Lustick's piece is also torn apart in Commentary by Jonathan Marks who writes:
Let me set aside Lustick's argument against the two-state solution and begin with what is most shocking in his op-ed, his own proposed solution. Lustick argues that the U.S. and others should abandon the two-state solution and let the parties fight it out. The key passage must be quoted at length:
"With a status but no role, what remains of the Palestinian authority will disappear.Israel will face the stark challenge of controlling economic and political activity and all land and water resources from the Jordan River to the Mediterranean Sea. The stage will be set for ruthless oppression, mass mobilization, riots, brutality, terror, Jewish and Arab emigration and rising tides of international condemnation of Israel (my emphasis)."
Lustick makes explicit the nihilism of the anti-Israeli left. He has no strong reason to believe that the bloodbath he wishes on the Israelis and Palestinians will have results favorable to either. But why not break a few eggs if there's some prospect of an omelette? Like many on the anti-Israeli left, but more explicitly, Lustick is prepared to entertain a morally satisfying position, which costs him nothing but means a blood sacrifice for those whose best interests he professes to have in mind.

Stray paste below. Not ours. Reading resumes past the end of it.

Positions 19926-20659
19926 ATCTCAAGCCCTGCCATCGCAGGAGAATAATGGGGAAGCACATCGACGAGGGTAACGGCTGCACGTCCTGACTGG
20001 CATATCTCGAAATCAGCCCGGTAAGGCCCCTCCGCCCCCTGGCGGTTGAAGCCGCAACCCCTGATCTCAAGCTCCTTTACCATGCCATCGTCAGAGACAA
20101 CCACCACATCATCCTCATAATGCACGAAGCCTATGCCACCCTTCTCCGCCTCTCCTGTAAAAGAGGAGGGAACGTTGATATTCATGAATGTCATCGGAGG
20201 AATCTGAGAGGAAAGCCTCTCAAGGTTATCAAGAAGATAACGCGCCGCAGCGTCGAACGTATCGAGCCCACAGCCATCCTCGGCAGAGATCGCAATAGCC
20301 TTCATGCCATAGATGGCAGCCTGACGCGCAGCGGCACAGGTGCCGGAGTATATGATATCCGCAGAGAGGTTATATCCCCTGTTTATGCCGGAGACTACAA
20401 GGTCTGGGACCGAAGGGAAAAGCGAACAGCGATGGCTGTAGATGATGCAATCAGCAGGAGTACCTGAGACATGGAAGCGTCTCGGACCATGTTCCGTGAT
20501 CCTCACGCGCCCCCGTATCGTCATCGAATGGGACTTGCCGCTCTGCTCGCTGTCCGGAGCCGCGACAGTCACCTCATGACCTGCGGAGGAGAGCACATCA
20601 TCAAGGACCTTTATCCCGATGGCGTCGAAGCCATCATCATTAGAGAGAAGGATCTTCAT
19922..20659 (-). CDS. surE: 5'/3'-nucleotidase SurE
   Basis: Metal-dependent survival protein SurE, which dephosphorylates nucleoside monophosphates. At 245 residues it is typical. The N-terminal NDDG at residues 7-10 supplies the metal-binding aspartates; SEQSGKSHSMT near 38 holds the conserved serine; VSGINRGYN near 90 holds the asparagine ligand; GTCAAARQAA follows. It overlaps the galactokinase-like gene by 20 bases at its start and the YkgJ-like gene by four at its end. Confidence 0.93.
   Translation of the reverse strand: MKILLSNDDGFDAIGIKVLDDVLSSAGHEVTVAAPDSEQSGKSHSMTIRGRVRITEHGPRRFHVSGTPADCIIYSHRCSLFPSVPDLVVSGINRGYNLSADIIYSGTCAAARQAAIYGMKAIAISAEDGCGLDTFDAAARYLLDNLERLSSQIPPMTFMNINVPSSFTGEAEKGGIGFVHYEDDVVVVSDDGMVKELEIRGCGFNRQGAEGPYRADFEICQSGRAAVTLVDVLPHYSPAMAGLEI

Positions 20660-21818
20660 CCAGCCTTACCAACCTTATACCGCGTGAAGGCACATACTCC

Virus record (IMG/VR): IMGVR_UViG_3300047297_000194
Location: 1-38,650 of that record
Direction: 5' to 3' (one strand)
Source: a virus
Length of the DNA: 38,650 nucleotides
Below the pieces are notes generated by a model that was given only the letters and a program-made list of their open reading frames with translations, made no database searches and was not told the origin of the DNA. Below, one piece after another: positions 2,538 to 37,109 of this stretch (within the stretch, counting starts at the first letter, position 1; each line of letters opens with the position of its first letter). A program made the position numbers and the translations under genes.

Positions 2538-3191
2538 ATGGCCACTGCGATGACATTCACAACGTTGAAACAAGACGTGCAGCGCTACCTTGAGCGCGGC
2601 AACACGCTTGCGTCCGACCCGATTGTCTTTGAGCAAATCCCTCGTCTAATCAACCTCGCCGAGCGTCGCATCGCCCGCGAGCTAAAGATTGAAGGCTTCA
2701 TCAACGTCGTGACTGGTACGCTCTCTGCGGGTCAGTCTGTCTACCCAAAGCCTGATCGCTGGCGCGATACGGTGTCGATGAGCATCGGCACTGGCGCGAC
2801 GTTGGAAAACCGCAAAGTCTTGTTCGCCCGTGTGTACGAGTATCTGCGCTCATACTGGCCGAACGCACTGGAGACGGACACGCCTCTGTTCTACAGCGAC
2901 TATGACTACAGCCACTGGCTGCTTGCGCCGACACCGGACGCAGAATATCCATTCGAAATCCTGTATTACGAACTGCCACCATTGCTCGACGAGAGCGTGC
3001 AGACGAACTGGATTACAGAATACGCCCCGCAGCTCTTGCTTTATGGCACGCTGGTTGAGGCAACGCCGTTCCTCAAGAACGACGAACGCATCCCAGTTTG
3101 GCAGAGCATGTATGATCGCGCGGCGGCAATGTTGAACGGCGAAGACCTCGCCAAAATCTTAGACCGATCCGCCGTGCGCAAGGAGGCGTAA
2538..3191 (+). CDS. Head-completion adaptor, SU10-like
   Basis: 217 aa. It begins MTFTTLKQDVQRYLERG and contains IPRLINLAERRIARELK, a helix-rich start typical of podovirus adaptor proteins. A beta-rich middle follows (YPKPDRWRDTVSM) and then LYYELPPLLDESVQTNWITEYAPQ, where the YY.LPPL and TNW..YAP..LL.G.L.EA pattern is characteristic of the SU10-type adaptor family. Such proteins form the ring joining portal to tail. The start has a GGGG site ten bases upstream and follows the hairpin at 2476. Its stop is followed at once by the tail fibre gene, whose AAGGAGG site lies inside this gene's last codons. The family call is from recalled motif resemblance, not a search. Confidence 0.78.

Lustick does not really think a two-state solution impossible. Instead, he thinks that when confronted with a choice between two difficult ways forward, one should choose the one that results in the end of the State of Israel. Again, Lustick says out loud what his crowd thinks:
"The disappearance of Israel as a Zionist project, through war, cultural exhaustion, or demographic momentum, is at least as plausible as a two state solution."
Lustick's op-ed should be required reading for anyone who thinks that to stand with the anti-Israeli left is to support of the rights of Palestinians. To stand with the anti-Israeli left is instead to hope for an open conflict that will result in the end of Israel. It is not just friends of Israel who should be disgusted with academics who hope to foment such a conflict, knowing, unless they are complete fools, that in making a poorly thought out, long-odds bet on a one-state solution, they gamble with the lives of Palestinians and Israelis.
Lustick's article is a complicated piece of pseudo-academic speak. There is no disguising, however, the New York Times' penchant for publishing op-eds that don't just criticize Israeli policies or actions but strike at the very heart of Israel's existence and identity as a Zionist and Jewish state.
You can read Lustick's full piece in the New York Times here.Note: Articles listed under "Middle East studies in the News" provide information on current developments concerning Middle East studies on North American campuses. These reports do not necessarily reflect the views of Campus Watch and do not necessarily correspond to Campus Watch's critique.